Critical services face big fines for cyber security failings

01 March 2018

The UK government says it will levy hefty fines for companies with poor cyber security, as it looks to implement tougher EU rules for critical infrastructure and digital services.

In January, the government warned critical infrastructure providers that they need to boost cyber security or face fines for leaving themselves vulnerable to an attack. As part of its implementation of the EU’s Security of Network and Information Systems Directive (NIS Directive), the UK says it will fine organisations up to GBP 17 million if they fail to maintain effective cyber security measures. 


Cyber security incidents in recent years have shown that critical infrastructure providers are an attractive target for hackers, and that they are also susceptible to disruption through single points of failure.

According to the National Cyber Security Centre (NCSC), the magnitude, frequency and impact of network and information system security incidents in the UK is increasing. The NCSC warns that the technical barriers to launching successful attacks is decreasing and that hackers regularly attempt to penetrate UK networks, including those in the defence, finance, energy, telecommunications and government sectors.

Head of the NCSC, Ciaran Martin recently stated that he expects that the UK will face a “category one” cyber attack against critical infrastructure within the next two years. The UK has already seen significant disruption to critical services from malicious cyber events. Last year the National Health Service (NHS) was affected by the WannaCry ransomware attack, which locked down the IT systems of hospitals and medical practices.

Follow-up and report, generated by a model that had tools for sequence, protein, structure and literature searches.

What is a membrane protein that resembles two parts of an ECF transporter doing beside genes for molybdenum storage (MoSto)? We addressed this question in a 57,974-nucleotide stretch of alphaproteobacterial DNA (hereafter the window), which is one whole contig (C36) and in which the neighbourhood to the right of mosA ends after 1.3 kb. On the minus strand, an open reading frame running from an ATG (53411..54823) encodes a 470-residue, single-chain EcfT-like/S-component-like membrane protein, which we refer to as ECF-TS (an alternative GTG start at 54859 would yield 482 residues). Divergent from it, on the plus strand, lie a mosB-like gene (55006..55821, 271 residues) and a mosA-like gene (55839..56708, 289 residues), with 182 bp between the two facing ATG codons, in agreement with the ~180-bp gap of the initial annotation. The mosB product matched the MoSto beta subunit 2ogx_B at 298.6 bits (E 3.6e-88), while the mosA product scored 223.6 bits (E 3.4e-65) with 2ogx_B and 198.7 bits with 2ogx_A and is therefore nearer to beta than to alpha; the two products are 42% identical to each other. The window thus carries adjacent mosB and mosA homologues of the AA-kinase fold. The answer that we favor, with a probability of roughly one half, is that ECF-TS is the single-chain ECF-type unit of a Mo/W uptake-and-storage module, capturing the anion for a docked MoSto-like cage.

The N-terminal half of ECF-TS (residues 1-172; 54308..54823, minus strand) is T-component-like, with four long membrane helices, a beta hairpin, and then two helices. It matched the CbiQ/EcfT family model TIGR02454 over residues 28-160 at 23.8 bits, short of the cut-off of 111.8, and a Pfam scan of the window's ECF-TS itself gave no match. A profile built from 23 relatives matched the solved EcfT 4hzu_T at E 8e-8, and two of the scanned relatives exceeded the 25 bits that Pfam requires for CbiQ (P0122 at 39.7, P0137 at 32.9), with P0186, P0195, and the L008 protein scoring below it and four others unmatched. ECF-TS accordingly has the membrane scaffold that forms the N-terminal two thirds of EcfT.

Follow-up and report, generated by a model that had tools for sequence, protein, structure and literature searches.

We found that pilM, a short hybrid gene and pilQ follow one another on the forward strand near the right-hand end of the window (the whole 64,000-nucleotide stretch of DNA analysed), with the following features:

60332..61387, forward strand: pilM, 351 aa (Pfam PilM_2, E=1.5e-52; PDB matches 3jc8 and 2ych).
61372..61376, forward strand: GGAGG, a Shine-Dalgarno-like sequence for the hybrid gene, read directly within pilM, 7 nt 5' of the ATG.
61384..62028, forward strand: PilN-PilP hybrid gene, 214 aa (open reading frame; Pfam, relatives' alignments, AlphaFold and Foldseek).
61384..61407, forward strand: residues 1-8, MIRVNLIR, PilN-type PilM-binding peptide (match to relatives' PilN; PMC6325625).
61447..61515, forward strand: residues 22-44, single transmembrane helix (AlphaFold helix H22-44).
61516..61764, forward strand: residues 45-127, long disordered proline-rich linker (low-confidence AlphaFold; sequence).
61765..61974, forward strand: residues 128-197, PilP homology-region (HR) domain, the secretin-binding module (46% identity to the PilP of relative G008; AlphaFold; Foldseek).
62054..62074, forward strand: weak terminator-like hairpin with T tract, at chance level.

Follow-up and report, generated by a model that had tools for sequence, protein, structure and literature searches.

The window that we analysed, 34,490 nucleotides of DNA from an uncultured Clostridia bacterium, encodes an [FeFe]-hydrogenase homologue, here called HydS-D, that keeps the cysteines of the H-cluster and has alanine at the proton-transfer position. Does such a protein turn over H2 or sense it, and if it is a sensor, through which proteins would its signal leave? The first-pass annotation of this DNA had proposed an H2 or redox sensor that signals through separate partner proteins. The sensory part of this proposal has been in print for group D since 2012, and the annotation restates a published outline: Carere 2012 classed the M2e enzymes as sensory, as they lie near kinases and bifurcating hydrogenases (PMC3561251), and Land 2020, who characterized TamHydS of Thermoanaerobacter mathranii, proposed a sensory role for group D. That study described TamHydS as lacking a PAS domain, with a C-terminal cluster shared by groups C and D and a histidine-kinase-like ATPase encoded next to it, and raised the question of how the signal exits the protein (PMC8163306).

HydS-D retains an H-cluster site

The NCSC is also concerned that the UK could suffer an attack similar to those seen in other parts of the world. In January it emerged that suspected North Korean hackers planted malware on the IT systems of a Canadian train operator, Metrolinx.

In 2015 and 2016 Ukraine experienced cyber attacks that took down part of its power grid – the attack in 2015 against three power companies left a quarter of a million people without power.

The Cambridge Centre for Risk Studies estimates that a significant cyber attack on a UK regional electricity distribution network could cause economic damage as high as GBP 86 billion, including consequential disruption to transport, digital communications and water supplies.


The decision to set maximum fines at GBP 17 million follows a consultation on the UK government’s plans to implement the NIS Directive, which becomes UK law in May 2018.

The requirements will apply to “operators of essential services”, which broadly means power, energy, transport, water, health and digital infrastructure firms. However, companies and regulators will need to assess exactly which entities meet the criteria and thresholds for compliance.

The implementation of the NIS Directive in the UK will give regulators new powers to assess cyber security for critical industries, as well as to investigate and inform the public of a cyber incident.